Bobby Lee Hilton’s nametag reads “B.O.I.”—born on the island. A badge of honor among native Galvestonians, it takes on new layers of meaning in Hilton’s case: The tall, lithe 82-year-old is not only a guest ambassador for the Hotel Galvez, he’s its resident historian, a living repository of knowledge about the island, master storyteller, and—in himself—local attraction, providing tours of the hotel upon request.
Weaving the history of the hotel and the island—its gangsters, hurricanes, oil barons, pirates and ghosts—with his own life story, Hilton never gives the same tour twice. Which perhaps explains why, among our group of half a dozen trailing him through the hotel’s halls on a Friday morning, one woman is taking his tour for the third time. “This is you with my father,” she says, pulling up an image taken on another day, during another trek through the Galvez, before asking him to retell one of his stories.
Hilton launches into the tale of his first go-round as an employee of the hotel—all the way back in 1949, when he was a freshman in high school—pouring coffee and bussing tables. It was then that he wound up serving a cup of joe to General Dwight Eisenhower, in town for a speaking engagement.
I was shaking like a leaf on a tree. He just looked back and said, "Don’t be nervous, young man, you’re doing a fine job. Take your time." I cleaned that table and hurried across the dance floor, but someone had spilled grease, and I upended like someone snatched my feet out from under me. Two thousand people stood up and yelled, "Yay!"
Just two years old when his mother died, Hilton was raised by his older sister and grandmother. “I was so poor, the poor folks was talking about me,” he says. From early on, he aspired to beat poverty. “I wanted to be an insurance man, and if I wasn’t an insurance man, I wanted to be a doctor,” he says. “The insurance man had a three-piece suit and carried a briefcase. That’s all I wanted to do, was pack a briefcase and put a three-piece suit on.”
In the end, his first real opportunity came not with a suit but a football uniform: A star wide receiver at the island’s Central High School, Hilton landed a scholarship to TSU. From there, he went on to play quarterback for the Army Rangers in Alaska, eventually landing a job in sales for Schlitz Brewing Company in Milwaukee.
All my suits were real neat and clean, my shoes patent leather and shined, and I cut my hair close, no mustache. I was clean-cut, man. A big conference came up in Miami, and a company manager said, "Come up here on the stage." He said to the crowd, "This is how I want you to look."
On the spot, Hilton won the company’s Gulf Coast regional sales position. He took the next flight home, and worked in the beer business until 1993, when he was 59 years old. “I don’t hardly drink anything anymore,” he says with a laugh, “but I drank enough to float the Battleship Texas.”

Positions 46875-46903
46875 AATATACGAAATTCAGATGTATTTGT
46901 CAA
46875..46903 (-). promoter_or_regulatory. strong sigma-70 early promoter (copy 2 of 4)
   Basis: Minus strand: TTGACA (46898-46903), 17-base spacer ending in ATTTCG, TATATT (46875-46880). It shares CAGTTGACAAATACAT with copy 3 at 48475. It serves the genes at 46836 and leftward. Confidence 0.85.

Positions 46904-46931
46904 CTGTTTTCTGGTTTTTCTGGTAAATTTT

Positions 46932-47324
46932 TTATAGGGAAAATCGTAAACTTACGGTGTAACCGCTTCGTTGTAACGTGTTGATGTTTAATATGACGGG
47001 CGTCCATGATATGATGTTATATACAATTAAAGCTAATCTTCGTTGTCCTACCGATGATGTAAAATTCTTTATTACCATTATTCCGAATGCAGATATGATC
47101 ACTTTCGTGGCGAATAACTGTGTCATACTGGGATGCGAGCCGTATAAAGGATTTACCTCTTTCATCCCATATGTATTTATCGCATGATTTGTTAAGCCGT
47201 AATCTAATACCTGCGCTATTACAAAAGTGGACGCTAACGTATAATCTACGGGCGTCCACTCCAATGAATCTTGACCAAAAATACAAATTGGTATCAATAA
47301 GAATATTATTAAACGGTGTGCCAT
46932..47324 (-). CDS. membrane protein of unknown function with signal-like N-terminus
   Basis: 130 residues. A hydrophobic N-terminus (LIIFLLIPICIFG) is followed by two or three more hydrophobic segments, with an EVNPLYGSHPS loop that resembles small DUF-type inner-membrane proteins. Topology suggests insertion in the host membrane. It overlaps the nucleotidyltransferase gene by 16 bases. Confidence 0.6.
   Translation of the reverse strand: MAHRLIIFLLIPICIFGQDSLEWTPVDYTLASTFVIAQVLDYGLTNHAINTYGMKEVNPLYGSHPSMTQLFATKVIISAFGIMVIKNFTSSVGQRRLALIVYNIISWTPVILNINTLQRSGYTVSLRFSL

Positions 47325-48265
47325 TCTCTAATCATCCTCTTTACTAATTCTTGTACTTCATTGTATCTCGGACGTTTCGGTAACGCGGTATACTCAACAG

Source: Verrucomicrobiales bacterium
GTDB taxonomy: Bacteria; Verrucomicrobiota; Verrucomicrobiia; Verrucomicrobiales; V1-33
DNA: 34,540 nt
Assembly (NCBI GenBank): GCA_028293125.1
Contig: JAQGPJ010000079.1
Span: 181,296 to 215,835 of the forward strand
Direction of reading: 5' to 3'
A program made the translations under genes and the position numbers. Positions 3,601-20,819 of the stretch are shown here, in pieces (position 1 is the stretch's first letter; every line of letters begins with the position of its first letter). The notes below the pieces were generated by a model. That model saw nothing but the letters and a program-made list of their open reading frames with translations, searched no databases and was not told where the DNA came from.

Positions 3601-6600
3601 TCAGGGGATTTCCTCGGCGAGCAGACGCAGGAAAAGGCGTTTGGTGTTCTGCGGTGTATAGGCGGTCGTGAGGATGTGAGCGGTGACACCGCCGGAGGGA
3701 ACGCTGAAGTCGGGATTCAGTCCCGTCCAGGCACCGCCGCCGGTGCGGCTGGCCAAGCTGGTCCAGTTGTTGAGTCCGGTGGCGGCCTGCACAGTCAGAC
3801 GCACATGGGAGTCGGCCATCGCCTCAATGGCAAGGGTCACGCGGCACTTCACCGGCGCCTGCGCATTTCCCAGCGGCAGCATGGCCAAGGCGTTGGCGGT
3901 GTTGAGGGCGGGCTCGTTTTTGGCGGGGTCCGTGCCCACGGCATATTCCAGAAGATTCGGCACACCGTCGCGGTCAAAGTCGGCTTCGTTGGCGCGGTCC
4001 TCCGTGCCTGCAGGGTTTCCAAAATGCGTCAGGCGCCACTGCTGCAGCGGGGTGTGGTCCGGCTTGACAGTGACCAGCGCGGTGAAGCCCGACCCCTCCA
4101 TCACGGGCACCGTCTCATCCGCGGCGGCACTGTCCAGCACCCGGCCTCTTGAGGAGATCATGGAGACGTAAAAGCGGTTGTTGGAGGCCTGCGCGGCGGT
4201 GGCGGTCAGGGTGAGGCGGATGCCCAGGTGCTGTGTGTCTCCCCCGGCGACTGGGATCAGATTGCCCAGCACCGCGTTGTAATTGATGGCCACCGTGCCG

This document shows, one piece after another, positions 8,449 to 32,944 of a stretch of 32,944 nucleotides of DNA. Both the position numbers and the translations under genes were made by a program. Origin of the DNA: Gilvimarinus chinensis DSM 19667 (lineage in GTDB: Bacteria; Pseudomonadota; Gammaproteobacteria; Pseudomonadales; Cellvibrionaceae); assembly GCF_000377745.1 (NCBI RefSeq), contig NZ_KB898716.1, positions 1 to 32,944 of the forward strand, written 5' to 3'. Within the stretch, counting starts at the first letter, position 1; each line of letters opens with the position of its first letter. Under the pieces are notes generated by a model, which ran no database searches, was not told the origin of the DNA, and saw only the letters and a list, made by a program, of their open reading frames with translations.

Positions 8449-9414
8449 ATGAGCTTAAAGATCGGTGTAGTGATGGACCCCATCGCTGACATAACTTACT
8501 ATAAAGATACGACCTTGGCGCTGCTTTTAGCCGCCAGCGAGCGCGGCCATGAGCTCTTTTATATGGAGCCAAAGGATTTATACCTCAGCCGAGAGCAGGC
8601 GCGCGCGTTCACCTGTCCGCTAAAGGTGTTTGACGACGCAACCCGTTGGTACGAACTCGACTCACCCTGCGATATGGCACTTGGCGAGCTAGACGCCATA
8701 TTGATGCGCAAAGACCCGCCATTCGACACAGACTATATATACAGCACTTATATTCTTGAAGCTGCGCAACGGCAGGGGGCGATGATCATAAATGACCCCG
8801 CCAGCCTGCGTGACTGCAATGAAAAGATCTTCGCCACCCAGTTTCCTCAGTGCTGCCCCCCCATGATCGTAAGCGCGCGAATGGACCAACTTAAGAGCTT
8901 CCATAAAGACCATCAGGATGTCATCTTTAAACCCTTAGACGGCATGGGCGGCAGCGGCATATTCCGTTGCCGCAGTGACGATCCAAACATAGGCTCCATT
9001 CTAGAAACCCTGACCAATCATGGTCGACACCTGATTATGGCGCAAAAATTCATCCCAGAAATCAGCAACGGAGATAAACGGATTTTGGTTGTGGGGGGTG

It was then that Hilton rejoined the Galvez staff as lead waiter and bartender for special events, decades after his first stint working at the hotel. Before he knew it, he’d been in the position for nearly 20 years, all along, sharing his stories of life on the island with anyone who would listen. Then, in 2011, the Galvez added a Hall of History, and the hotel found itself in need of a tour guide. Management, of course, knew just the guy for the job.
“He knows hundreds of stories and they are all different,” says Melissa Hall, a fellow concierge at the Galvez. “And people come back over and over to hear them.” History comes alive when you talk to Hilton; the Maceos and the Moodys aren’t just names, they’re families he’s encountered.
Trying to separate fact from legend in his yarns is just part of the fun.
The story goes that during World War II, some German officers took a U-Boat around our jetties and up in those rocks. They would go in Mr. [Sam] Maceo’s club and get stinking drunk, then get back in their boats and go back to the war. It’s a little far-fetched, but who knows?
Today Hilton shows no signs of slowing down, despite whispers of his retirement. “I don’t know where that’s coming from,” he says, addressing the rumors. “What am I going to do, sit under a tree, reminisce and deteriorate?” Hall wishes Hilton would write a book, to ensure his stories are passed to future generations, something Hilton says he’s considered.
For now, he remains energized by his job. A spring in his step, he walks the tour group into the ballroom and pauses. The Galvez, he assures us, is most certainly haunted.
When I was the bartender, I had my bar in the ballroom after a big wedding. And we set up for breakfast in the back, glasses and all on the table. Some guy was playing Ghostbusters with one of those sensors, saying, "If you are in here, do something." He cut off the lights, and all of a sudden, a glass flew off the table and hit the wall. Man, I hit the door. I didn’t waste no time.
Onward. As we pass walls filled with photos of war heroes, gamblers, celebrities and politicians, Hilton starts listing off the bigwigs who’ve visited the Galvez over the decades, including some members of the famous hotel family that shares his name. “Are y’all related, Bobby?” one of the guests asks. “Black sheep of the family,” Hilton responds, lightning-fast, before leading everyone back to the lobby, where the group stops to chat before dispersing. Hilton tells us he’ll lead at least one more tour today, for a group of first-graders.
On her way out, the woman on her third tour gives Hilton a big hug. “See you next time,” she says.